HKScan is also ready with welfare chickens, which are currently being launched in the grocery retail chains. It’s a different breed – Range Gold – than the conventional chickens. They weigh pretty much the same, but get more space in the chicken house and access to the outside area. They are slaughtered after 46-47 days, whereas for conventional chickens it is typically 34 days. Welfare chicken is produced by farmers who have previously supplied organic chickens to HKScan.

“We are in a transformation process where we must focus on where we can basically earn the most from our raw materials,” Cederberg said.

Reference: Original article, ”Nu skærer HKScan kylling med vandstråler” af René Wibholdt for Food Supply Magazine / Jern & Maskinindustrien under Nordiske Medier

The C.A.T. Transfer Pump: the simple solution to get products moving

Moving labor-intensive protein products down a production line such as trim meat, viscera, skin, hearts, livers or gizzards can be a messy business, but also one where inadvertent product losses can take place. The JBT C.A.T. Transfer Pump is a hygienic, low-maintenance and cost-effectiveway to move soft food products from point A to point B with minimal damage.

Suitable for a wide range of products, from marinated breast meat and tenders through to chicken wings and fish fillets, the Transfer Pump works by moving products suspended in liquid, which removes the risk of product being lost at turns and connection points, helping maximize yield in the process.

Complete control
“The C.A.T. Transfer Pump allows us to easily move a product that would otherwise be on a conveyor, but with the difference being there is less danger or products being lost or dropped, and they are going to sustain little damage during transportation from A to B,” explains Dustan Atkinson, General Manager for Primary Segment products at JBT C.A.T.

The system functions by drawing products from a hopper up a vertical tube. The product will touch a probe near the top of the tube, and once the connection is made the vacuum generator switches to charge mode and the product exits the pump. The Transfer Pump is also available in 4″, 6″, or 8″ diameter pump sizes to better meet the flow rates required by the customer.

Removing risk
According to Atkinson, control of yield is one of the system’s biggest plus points, in addition to precise feeding, both into and out of the pump. “This precision means you can effectively remove trim from waterjet cutting systems, and skin from deskinning machines along with transferring heats, livers and gizzards (GIB packs) from evisceration areas to designated pack out areas,” he says. 

The Transfer Pump requires little to no maintenance, having only two moving parts, while being universally compatible means the system will work within any line, even non-JBT machines. In addition, the solution’s simple, stainless-steel construction enables easier cleaning and maintenance, Atkinson concludes.

Find out more about the JBT C.A.T. Transfer Pump

JBT setting the pace for injector solutions

JBT Wolf-Tec IMAX Injector Needles

Go to any supermarket or delicatessen to buy a meat product, whether that be hams, chicken or steaks, and the expectation will be a fresh, flavorful eating experience, but behind that product there is a great deal of technology; much of the best from JBT. Typically used to add brine to meats, injector systems are a key element of the meat processing chain, and are one in which food safety and effectiveness are crucial to their success.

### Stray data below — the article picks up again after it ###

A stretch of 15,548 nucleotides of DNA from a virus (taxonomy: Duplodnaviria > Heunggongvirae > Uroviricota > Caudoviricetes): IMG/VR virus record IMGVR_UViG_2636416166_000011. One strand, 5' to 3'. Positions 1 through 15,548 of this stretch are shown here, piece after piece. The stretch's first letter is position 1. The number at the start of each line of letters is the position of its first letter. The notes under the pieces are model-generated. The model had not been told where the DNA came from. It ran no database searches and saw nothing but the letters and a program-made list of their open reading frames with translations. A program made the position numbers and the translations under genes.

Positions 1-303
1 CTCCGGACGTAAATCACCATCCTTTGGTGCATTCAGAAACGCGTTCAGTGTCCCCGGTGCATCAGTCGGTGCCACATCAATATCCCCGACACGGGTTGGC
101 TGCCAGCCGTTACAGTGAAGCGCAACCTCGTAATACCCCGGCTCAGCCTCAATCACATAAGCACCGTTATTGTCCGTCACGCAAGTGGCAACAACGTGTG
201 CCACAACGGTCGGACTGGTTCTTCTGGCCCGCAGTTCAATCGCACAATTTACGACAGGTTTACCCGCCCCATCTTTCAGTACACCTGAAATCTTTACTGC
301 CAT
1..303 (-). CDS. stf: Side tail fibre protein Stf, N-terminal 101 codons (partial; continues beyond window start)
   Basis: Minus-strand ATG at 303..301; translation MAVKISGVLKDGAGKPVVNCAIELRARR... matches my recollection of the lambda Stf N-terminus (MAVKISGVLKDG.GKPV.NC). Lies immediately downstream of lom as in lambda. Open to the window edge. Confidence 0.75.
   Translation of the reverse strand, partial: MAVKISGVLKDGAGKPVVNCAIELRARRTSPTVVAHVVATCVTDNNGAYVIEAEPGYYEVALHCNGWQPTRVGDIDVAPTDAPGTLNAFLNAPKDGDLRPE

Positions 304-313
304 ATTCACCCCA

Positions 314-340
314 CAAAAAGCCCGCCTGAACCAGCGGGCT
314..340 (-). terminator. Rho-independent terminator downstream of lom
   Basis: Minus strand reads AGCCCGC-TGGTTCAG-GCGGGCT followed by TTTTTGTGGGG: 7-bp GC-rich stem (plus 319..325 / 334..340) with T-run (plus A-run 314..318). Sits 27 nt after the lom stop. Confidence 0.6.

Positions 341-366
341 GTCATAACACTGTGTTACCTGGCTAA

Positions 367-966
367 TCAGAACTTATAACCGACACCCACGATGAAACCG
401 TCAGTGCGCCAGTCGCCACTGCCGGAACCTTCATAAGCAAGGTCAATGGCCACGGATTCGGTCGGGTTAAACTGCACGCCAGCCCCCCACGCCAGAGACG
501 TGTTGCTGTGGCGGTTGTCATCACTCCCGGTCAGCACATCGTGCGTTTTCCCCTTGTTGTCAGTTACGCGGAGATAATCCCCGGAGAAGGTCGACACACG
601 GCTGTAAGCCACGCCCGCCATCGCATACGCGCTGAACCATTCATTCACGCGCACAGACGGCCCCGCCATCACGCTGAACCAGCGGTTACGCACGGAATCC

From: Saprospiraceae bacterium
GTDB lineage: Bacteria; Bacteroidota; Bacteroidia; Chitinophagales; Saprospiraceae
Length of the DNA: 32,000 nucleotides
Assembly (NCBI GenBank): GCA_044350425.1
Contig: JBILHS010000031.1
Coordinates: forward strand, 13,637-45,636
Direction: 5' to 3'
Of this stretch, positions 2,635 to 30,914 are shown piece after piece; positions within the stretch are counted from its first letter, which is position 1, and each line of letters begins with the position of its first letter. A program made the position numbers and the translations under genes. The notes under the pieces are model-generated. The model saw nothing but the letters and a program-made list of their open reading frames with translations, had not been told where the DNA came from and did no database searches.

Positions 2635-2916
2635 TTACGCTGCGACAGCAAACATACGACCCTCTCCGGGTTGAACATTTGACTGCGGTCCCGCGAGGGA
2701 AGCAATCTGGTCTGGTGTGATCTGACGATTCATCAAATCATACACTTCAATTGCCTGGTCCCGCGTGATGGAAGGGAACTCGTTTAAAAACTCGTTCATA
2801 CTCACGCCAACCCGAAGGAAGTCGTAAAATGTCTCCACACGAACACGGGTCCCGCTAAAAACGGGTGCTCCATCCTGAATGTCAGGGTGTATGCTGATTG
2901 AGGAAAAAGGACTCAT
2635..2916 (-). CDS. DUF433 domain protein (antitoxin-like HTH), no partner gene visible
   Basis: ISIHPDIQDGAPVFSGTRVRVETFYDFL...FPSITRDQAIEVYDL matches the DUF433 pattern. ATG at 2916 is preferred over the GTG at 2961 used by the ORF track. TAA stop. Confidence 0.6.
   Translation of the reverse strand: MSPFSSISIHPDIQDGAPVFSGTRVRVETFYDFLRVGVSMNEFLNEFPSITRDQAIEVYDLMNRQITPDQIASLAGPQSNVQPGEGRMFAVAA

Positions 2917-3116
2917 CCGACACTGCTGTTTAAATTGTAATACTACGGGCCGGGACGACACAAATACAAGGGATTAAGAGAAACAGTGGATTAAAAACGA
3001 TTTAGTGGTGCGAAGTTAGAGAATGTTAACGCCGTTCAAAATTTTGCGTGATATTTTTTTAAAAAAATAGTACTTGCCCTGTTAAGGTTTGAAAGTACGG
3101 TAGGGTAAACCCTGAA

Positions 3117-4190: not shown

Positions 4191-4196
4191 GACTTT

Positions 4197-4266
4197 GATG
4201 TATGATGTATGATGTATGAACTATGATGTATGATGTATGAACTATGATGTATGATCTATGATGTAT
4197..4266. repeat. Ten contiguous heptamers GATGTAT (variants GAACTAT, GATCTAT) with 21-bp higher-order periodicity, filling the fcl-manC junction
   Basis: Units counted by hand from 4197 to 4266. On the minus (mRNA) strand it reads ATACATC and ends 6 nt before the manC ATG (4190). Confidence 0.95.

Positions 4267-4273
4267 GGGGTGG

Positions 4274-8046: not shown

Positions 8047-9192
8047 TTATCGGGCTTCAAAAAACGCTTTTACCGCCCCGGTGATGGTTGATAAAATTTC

JBT Injector Systems lead the way in the controlled injection of bone-in or boneless meat, as well as featuring a tenderizer head for boneless meat. 

For the poultry industry, the MEPSCO ULTRACAT, Junior ULTRACAT and Double Head Injector & Tenderizer offer uniform distribution, best moisture retention, and superior piece-to-piece accuracy compared with competitor systems. Meanwhile, Schröder/Wolf-tec IMAX injectors, designed and manufactured with German precision, have become the industry standard for performance, consistency, and reliability for bone-in and boneless injection, and marination, for deli meats and poultry. 

“The injector needles are used to infuse liquid back into the meat because you want it to be juicy as if it was fresh,” explains JBT Customer Care Business Development Manager, Humberto Hernandez. “You put the meat in one end, set-up the needles – up to 750 at a time – and there is a pump which injects brine to add flavor.” This can cover everything from hams, bacons and briskets to chicken breasts, whole chickens and steaks, Hernandez continues; in fact just about any meat product that can be found in a deli outlet.

Safety first
Of course when dealing with injecting liquids into both bone-in and boneless meat products, food safety is of the utmost concern, especially given the immense hazard that broken needle parts could pose. In the case of JBT injector systems, the needles are fused and forged to the machine using tempered steel for extra strength and resistance. 

“In the case of some competitors, the needles are just welded, which carry the risk of breaking off and can cause a lot of problems down the line, not just in terms of company reputation, but they can also represent a food safety hazard,” cautions Hernandez. 

“The main benefits of using this system is that it gives flavor by adding liquid to the products. At the safe time, it is simple and safe because the JBT Injector Needles use high quality, tempered steel which won’t break off during the process.”

Hernandez estimates that between 60-70% of meat sold via grocery retail outlets is injected with brine. The remainder is tumbled or massaged; also solutions offered by JBT.

CLICK HERE to find out more about JBT Injection Equipment